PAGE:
The third stage of action research is the output, or results, phase. This stage includes actual changes in behavior (if any) resulting from corrective action steps taken following the second stage. Data are again gathered from the client system so that progress can be determined and necessary adjustments in learning activities can be made. Minor adjustments of this nature can be made in learning activities via Feedback Loop B (see "Figure 1"). Major adjustments and reevaluations would return the OD project to the first, or planning, stage for basic changes in the program. The action-research model shown in "Figure 1" closely follows Lewin's repetitive cycle of planning, action, and measuring results. It also illustrates other aspects of Lewin's general model of change. As indicated in the diagram, the planning stage is a period of unfreezing, or problem awareness. cite book |author=Kurt Lewin|title=Group Decision and Social Change|publisher= Holt, Rinehart and Winston|location=New York|year=1958|pages=201|isbn=|oclc=|doi=] The action stage is a period of changing, that is, trying out new forms of behavior in an effort to understand and cope with the system's problems. (There is inevitable overlap between the stages, since the boundaries are not clear-cut and cannot be in a continuous process). The results stage is a period of refreezing, in which new behaviors are tried out on the job and, if successful and reinforcing, become a part of the system's repertoire of problem-solving behavior.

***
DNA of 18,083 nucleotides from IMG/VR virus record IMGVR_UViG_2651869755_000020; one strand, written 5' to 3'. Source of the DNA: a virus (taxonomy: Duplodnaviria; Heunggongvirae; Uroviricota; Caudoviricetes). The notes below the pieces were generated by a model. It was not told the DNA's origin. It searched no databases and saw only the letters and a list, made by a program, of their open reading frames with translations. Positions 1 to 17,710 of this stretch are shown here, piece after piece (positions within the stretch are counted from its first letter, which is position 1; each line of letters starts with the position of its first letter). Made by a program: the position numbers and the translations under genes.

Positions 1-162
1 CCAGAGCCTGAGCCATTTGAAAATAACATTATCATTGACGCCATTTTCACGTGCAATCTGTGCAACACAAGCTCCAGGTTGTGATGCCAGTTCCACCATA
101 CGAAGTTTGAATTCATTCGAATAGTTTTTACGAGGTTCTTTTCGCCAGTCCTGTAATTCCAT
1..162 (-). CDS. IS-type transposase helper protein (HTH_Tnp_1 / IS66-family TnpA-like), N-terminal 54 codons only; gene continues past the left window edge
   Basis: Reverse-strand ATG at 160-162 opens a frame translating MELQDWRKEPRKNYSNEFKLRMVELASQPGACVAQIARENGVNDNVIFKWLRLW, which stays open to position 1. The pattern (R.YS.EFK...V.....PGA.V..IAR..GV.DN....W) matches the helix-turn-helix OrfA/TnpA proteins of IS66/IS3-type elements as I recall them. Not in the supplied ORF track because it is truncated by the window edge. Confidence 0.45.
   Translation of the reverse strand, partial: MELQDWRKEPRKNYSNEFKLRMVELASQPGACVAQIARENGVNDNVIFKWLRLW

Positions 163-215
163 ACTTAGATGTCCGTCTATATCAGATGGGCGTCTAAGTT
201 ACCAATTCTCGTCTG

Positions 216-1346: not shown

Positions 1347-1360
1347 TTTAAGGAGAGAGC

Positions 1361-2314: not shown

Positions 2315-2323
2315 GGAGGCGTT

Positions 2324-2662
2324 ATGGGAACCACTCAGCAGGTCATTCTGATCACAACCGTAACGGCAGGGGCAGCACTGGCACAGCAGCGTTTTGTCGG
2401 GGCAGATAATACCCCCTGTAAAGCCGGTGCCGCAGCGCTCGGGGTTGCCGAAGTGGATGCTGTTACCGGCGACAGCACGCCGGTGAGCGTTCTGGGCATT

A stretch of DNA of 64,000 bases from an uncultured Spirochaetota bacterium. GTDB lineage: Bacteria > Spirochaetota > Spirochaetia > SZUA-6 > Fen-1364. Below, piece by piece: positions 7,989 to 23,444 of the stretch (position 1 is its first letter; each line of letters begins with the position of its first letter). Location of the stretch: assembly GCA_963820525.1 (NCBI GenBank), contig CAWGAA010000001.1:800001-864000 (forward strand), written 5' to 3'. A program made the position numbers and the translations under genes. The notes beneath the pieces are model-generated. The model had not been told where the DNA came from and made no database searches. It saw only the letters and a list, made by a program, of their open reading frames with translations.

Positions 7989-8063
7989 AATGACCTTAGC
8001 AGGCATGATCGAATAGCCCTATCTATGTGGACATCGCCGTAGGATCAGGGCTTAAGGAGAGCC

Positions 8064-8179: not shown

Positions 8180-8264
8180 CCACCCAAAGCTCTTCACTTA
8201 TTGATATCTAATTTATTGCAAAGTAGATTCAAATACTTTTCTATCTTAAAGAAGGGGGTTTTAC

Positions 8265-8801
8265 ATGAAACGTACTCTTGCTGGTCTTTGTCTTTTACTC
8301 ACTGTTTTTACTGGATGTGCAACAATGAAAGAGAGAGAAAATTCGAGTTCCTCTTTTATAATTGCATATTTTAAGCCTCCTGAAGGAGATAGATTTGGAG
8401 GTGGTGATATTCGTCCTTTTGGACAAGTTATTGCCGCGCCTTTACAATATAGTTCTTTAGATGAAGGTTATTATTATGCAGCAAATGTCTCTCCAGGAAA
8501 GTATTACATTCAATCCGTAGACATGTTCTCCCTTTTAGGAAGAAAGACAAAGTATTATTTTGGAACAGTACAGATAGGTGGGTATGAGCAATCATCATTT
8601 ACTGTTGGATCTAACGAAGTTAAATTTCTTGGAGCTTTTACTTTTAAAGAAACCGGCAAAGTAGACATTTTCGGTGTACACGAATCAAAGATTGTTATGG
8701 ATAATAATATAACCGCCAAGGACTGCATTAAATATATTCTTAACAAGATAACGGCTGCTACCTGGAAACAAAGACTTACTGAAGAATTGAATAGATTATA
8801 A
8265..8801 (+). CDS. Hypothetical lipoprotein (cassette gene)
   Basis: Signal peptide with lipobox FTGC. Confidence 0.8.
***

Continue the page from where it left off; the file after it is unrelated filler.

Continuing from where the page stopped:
Action research is problem centered, client centered, and action oriented. It involves the client system in a diagnostic, active-learning, problem-finding, and problem-solving process. Data are not simply returned in the form of a written report but instead are fed back in open joint sessions, and the client and the change agent collaborate in identifying and ranking specific problems, in devising methods for finding their real causes, and in developing plans for coping with them realistically and practically. Scientific method in the form of data gathering, forming hypotheses, testing hypotheses, and measuring results, although not pursued as rigorously as in the laboratory, is nevertheless an integral part of the process. Action research also sets in motion a long-range, cyclical, self-correcting mechanism for maintaining and enhancing the effectiveness of the client's system by leaving the system with practical and useful tools for self-analysis and self-renewal. cite book |author=Richard Arvid Johnson|title=Management, systems, and society : an introduction|publisher=Goodyear Pub. Co.|location=Pacific Palisades, Calif.|year=1976 |pages=222-224|isbn=0876205406 9780876205402|oclc=2299496|doi=]